Northern BC's Sacred Headwaters is a rare and special place. Here in a vast alpine basin, three of the Northwest's greatest salmon rivers are born: the Skeena, the Nass and the Stikine. Stone sheep, caribou, grizzly bears and wolves call the Headwaters home, and the area is critically important to the local indigenous people, the Tahltan. Royal Dutch Shell wants to exploit the Sacred Headwaters for coalbed methane gas. Such a development would see the wild landscape of the Sacred Headwaters turned into an industrial maze of wellheads, roads and pipelines. Skeena Watershed Conservation Coalition has been working since 2004 to protect the Sacred Headwaters from coalbed methane development. Our work has included conducting public outreach and education, mobilizing residents of the Skeena watershed, and engaging in dialogue with Shell and the BC government.
Our baseline inventory research is designed to contribute to the general understanding of the upper Skeena's globally significant wildlife, wild salmon, and cultural heritage resources. These projects target selected wildlife, fisheries and cultural heritage features as well as locations of specific conservation concern. Due to a widely recognized deficiency of science-based knowledge specific to the remote upper Skeena ecosystem, there is relevant information that is not included in proposed development plans for the Skeena watershed. Baseline inventories provide an accurate record of the landscape and its components as they naturally occur, increasing the opportunity for effective sustainable development decisions to take place now and into the future.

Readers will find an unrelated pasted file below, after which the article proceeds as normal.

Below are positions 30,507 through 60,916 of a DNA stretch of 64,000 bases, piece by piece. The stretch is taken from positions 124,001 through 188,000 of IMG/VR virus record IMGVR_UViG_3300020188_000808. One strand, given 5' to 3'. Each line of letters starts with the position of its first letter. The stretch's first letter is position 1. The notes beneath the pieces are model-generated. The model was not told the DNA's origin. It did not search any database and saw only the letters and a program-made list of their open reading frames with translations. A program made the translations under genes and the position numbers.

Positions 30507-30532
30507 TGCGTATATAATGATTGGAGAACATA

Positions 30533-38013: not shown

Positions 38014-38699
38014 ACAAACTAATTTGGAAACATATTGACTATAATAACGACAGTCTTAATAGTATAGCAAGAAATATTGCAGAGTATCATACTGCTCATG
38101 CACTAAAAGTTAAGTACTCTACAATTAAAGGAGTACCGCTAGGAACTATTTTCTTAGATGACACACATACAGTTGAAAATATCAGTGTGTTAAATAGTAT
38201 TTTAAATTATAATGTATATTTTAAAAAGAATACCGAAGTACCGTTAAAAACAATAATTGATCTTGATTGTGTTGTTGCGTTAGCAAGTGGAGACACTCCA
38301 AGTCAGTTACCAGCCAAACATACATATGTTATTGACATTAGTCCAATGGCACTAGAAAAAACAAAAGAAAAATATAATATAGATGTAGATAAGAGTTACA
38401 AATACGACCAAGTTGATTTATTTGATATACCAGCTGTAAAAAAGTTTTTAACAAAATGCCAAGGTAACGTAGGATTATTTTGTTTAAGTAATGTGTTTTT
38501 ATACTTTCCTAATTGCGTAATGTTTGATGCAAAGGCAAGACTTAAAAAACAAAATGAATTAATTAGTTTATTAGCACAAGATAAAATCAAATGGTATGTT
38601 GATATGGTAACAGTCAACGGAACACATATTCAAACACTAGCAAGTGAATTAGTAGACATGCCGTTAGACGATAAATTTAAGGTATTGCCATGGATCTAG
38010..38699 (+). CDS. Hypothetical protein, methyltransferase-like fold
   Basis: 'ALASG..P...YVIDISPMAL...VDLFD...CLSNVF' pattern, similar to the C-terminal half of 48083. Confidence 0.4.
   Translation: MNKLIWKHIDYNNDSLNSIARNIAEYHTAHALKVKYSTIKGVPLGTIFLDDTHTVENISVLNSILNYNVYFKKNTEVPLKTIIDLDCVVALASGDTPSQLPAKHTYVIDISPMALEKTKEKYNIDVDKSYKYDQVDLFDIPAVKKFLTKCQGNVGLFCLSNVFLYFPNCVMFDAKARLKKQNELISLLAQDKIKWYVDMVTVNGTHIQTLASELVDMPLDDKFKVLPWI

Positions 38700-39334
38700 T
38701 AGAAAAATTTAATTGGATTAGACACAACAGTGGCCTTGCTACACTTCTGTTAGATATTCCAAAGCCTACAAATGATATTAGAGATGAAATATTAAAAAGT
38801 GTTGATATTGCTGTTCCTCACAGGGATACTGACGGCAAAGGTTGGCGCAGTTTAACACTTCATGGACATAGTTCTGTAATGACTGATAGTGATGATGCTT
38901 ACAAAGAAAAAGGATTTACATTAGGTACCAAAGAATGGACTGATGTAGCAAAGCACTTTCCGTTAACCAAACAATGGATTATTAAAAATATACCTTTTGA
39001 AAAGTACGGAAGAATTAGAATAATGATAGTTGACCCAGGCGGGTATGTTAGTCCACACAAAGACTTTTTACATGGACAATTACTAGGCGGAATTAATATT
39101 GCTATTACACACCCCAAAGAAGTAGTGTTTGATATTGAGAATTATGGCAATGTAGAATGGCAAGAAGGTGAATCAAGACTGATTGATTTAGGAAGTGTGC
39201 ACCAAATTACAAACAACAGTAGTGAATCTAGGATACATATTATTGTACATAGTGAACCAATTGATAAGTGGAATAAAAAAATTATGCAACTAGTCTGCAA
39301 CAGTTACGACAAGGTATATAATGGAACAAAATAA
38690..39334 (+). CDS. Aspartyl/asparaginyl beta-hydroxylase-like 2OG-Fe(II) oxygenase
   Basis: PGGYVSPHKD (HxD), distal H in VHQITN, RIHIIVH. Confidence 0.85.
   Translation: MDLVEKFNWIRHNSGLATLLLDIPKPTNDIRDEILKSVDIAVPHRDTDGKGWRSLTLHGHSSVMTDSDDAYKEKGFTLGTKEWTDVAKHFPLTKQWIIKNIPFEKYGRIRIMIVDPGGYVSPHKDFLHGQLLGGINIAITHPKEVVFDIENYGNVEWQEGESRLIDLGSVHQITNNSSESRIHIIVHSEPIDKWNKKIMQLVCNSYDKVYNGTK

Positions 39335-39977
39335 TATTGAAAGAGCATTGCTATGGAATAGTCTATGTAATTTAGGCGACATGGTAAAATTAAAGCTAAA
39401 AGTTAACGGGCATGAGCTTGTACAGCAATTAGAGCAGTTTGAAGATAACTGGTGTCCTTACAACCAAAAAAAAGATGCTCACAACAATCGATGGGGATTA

A discovery expedition of the Upper Skeena lead by Director, Jim Allen. After completing a Swiftwater Rescue Technician course, the 10 person field crew completed 2 consecutive 10 day Upper Skeena River rafting expeditions in hopes of finding and reviving ancient heritage trails for archaeological documentation and development of eco-tourism. It was a joint project with Hereditary Chief, Gwinninixtkw, who lead the Cultural Heritage portion of the expedition. The project found and revived 12km of ancient Gitxsan trail as well as campsites for future use by outdoor adventurers Among these trails and campsites were ancient village remnants, fish pits and gravesites.
SWCC public education initiatives, including our popular Conservation Camps for Kids, provide accurate and updated information on current conservation issues and opportunities within the Skeena watershed. These programs take the form of film nights, slide shows, guest lectures, technical presentations, field courses and information brochures. They occur at all levels of the regional community including; schools, band councils, town councils, chambers of commerce, stakeholder groups and community meetings. The Skeena watershed is a large complex ecosystem on an internationally significant scale. The recent pace of development proposed in the Skeena is challenging for any one person or group of people to keep with. Our public education programs utilize a well connected network of government, industry, NGO, First Nation and community service groups to deliver forward moving education and outreach products.